The Cathedral of St. Philip - Atlanta, GA

Christianity is How We Walk

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A sermon by Dean Sam Candler
Easter 3 – Year A

“The disciples told what had happened on the road, and how Jesus had been made known in the breaking of bread.” –Luke 24.35


Some of you remember that my sermon on Palm Sunday was about walking. Some of you remember that my sermon on Good Friday was also about walking. And so were my comments after Easter. And so my canon colleague Wallace Marsh wants me to remind you of the same thing today, the third Sunday of Easter. It’s about walking. It’s still about walking.

Today’s service is a Eucharist, of course, but it’s also a service of confirmation wherein we welcome the confirmation of mature Christians into a next journey in their walk of faith.

These people about to be confirmed and received, however, are being confirmed with an understanding of Church that has changed over the years. I’m not saying that God has changed, but I am saying that our understanding of what it means to believe has definitely changed over the years. The times they are a-changin’. Believe it or not, Christianity is changing too. Christianity is changing just as it always has. People who walk understand that things change.

A few years ago I heard a wise Christian elder reflect on his journey as a Christian. He was Herbert O’Driscoll, a Canadian, former dean of Christ Church Cathedral in Vancouver and he said this: “You know, I was born in 1928. I learned the Christian faith in a dramatically different way than people learn it today. When I learned the Christian faith, it was a set of propositions. It was belief statements. Christian faith was the right answers to the Catechism questions. But today, we talk about faith as a journey. Faith is a walk; it is a pilgrimage. This image seems natural to us.

“But,” O’Driscoll asked, “do you realize how different that concept is from what we learned just 60 years ago? Just 60 years ago, faith was a system. Christian faith was a deposit of propositions and statements. We now speak easily of faith as a journey.”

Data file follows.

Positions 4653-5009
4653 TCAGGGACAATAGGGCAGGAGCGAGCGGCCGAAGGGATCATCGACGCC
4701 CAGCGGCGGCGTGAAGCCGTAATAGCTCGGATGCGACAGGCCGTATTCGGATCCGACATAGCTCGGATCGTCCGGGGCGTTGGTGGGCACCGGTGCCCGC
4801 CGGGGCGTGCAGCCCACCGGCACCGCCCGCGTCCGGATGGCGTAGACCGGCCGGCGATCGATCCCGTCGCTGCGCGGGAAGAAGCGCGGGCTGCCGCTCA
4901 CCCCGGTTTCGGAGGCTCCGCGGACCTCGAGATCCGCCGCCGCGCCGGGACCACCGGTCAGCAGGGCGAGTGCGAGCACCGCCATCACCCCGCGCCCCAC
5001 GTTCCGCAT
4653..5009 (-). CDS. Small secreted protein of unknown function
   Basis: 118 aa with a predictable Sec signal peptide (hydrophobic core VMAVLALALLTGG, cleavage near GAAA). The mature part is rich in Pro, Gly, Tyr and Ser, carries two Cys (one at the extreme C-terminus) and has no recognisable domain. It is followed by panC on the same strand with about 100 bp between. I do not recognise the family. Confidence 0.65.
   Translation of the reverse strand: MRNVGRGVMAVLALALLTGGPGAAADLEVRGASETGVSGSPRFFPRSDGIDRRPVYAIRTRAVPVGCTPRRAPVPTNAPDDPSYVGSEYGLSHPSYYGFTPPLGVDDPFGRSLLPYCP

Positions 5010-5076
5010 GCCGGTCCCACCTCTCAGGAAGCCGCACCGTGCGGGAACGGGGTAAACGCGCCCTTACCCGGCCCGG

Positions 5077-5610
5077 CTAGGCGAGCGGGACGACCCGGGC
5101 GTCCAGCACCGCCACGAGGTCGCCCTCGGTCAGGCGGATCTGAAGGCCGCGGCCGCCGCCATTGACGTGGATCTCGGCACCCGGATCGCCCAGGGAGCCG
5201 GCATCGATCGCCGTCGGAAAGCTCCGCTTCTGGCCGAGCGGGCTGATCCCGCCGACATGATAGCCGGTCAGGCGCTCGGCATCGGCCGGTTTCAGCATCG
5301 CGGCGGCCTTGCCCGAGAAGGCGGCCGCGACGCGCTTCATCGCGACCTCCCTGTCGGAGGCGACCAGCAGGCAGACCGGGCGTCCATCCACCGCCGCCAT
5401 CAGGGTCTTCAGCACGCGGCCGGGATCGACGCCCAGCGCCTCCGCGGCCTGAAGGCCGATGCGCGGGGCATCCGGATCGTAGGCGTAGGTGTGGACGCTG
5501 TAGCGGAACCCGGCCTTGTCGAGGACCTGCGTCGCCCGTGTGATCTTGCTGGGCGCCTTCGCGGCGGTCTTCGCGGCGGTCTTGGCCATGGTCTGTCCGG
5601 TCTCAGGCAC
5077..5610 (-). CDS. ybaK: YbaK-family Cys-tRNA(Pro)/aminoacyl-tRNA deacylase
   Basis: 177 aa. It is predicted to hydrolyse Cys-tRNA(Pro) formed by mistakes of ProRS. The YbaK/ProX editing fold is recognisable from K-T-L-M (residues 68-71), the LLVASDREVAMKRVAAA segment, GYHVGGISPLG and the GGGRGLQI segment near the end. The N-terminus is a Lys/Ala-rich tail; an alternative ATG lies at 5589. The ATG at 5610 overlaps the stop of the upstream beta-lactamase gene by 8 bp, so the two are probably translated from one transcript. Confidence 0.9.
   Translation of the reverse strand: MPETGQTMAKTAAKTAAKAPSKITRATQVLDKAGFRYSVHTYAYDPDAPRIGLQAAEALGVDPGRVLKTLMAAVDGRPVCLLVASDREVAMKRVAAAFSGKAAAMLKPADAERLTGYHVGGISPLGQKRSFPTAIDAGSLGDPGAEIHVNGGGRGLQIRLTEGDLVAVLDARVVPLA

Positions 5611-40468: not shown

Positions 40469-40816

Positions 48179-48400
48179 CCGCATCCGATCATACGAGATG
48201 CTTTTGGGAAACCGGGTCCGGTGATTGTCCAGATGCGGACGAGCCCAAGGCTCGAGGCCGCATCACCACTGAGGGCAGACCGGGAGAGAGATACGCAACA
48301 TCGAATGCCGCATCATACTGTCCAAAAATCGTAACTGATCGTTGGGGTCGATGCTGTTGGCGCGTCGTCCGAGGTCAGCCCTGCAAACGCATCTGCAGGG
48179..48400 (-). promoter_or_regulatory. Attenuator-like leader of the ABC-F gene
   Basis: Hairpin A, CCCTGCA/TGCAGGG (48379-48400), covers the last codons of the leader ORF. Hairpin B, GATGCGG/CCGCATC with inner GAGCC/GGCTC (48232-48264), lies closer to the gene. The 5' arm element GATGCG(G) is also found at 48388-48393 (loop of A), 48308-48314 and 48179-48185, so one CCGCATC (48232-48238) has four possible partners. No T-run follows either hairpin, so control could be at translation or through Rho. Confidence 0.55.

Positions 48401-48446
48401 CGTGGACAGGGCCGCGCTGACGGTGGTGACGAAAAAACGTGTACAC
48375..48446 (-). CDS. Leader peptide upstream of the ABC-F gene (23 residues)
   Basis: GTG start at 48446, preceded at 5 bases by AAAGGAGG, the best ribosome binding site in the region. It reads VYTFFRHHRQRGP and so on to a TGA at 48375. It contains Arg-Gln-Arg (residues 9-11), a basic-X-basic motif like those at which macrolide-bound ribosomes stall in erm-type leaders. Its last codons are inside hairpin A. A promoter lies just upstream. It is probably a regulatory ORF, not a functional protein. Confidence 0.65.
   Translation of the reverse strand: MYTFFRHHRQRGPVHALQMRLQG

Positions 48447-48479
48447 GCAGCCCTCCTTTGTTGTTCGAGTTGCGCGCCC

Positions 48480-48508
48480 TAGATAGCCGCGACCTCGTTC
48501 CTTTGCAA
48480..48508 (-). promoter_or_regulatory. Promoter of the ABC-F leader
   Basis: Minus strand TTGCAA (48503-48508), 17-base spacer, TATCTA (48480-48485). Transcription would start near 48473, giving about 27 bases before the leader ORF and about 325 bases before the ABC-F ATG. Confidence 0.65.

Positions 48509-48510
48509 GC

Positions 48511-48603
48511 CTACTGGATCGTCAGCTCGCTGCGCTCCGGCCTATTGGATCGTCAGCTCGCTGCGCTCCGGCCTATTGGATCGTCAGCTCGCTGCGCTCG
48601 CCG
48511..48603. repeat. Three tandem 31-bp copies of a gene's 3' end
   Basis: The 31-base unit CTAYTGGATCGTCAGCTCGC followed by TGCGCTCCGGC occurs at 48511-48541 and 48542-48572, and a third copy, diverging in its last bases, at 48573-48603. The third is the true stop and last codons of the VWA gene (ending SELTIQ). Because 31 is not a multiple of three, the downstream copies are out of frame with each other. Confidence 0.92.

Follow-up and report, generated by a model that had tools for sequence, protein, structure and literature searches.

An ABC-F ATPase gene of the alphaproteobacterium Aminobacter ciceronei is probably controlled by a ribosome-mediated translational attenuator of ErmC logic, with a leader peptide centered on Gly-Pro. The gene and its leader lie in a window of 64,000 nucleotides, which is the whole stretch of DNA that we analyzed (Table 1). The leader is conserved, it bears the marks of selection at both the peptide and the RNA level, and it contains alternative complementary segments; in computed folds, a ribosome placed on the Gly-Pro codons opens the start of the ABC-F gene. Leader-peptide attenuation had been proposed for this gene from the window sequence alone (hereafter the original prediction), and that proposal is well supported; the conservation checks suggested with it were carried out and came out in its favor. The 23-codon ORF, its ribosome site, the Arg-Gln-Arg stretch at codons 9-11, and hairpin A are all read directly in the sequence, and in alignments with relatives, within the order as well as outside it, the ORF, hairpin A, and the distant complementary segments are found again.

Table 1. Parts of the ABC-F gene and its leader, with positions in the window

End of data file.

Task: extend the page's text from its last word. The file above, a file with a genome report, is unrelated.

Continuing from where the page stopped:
Well I believe Herbert O’Driscoll was right. Those of you being confirmed today know what he meant, I hope. Your faith, all of our faith, is a journey. Christianity is a journey. Christianity is not so much about how we believe; Christianity is about how we walk!

O’Driscoll was talking about something called Celtic spirituality when he talked with me a few years ago. Celtic spirituality: the early, natural, local spirituality of England in the fourth and the fifth and the sixth centuries. It was a walking, journeying spirituality. And Herbert O’Driscoll noted that our present age has a lot in common with the age in which Celtic Christianity was developing. Large institutions, superpowers if you will, were gradually dissolving in the fourth and fifth and sixth centuries, but a local Celtic Christianity was gradually growing.

Those early Christians knew how to journey. They resisted empire and superpower and institution. And they developed communities of faith away from centers of power. They valued intimate relationships, trust and openness, God’s revelation in creation and in local community.

Well today, the same thing is going on in our culture: a rather distrust of large institutions and superpowers.   Many of us so doing a lot of journeying too, spiritually and physically. Simply put, we move around a lot.